Developing nations like Uganda contribute the least to the fossil-fuel emissions that are spurring climate change but are having to deal with its consequences. Several countries across Africa have already seen widespread loss of farmland, dead livestock, and mass starvation. Desperate communities that are grappling with these changes are also being thrust into conflicts over land use and dwindling resources.

“We have experienced immense heat in the month of January, and also February is very hot,” she said. “These also lead to food insecurity [because] agriculture is affected when there is too much heat.”

Nakate says she hopes to garner enough attention to eventually hold larger protests and climate events in Uganda. Right now, she says, too many people she knows don’t know enough about climate change.

“They are shocked to know that current situations are a result of climate change,” she said. “Some are supporting [her strike] though I wish they could join us in striking,”

In a recent interview with Climate Kids, Nakate noted how most of the Friday for Future marches and climate coverage have come out of Europe. They were small at first, focused around Thunberg and students protesting coal usage at COP24 in Poland. Now they’re drawing huge crowds of students who are shutting down streets, holding signs, chanting, and demanding that politicians protect their future.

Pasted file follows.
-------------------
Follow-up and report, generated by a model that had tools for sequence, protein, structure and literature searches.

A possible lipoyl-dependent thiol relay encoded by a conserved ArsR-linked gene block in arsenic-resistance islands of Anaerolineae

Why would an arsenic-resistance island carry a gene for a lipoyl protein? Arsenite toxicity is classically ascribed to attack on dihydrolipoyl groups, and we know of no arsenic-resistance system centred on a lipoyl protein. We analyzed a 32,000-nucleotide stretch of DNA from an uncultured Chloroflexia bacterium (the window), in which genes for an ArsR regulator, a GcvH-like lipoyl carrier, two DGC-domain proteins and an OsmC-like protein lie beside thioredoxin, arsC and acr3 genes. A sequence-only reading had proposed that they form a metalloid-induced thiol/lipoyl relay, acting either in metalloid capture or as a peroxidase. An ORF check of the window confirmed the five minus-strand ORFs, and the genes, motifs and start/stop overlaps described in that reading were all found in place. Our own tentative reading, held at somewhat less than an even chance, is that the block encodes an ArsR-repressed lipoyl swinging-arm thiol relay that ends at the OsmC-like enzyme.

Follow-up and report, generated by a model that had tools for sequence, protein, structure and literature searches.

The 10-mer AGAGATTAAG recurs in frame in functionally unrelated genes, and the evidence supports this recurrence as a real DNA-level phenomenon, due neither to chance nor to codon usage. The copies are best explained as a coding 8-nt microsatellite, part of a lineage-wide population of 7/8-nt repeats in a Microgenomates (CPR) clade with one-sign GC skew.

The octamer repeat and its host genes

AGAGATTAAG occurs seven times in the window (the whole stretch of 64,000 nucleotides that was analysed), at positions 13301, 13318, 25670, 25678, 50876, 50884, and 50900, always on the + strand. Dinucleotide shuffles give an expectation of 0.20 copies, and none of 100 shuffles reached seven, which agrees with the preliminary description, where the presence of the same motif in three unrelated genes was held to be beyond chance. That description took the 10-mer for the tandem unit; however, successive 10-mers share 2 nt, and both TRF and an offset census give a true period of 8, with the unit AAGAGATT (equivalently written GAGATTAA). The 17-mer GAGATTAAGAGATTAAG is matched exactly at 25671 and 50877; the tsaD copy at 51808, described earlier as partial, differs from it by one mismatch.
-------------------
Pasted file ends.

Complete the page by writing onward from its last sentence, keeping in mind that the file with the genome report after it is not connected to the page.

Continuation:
Nakate is excited to see that energy spreading in Africa. She still strikes on her own most days—but she’s starting to feel less alone

In the last few weeks, Natake has seen photos of other students in her area protesting together. Activists have even started their own Ugandan chapter of Fridays for Future. Since January, they’ve posted photos on Twitter of students holding signs and striking from their schools, And many young Ugandan activists are also using the #FridaysForFuture and #KeepMamaAfricaGreen hashtags. Some young activists have used Twitter to encourage other students to become activists. And a growing number of students have also recently announced that they’ll be participating in the upcoming global protest.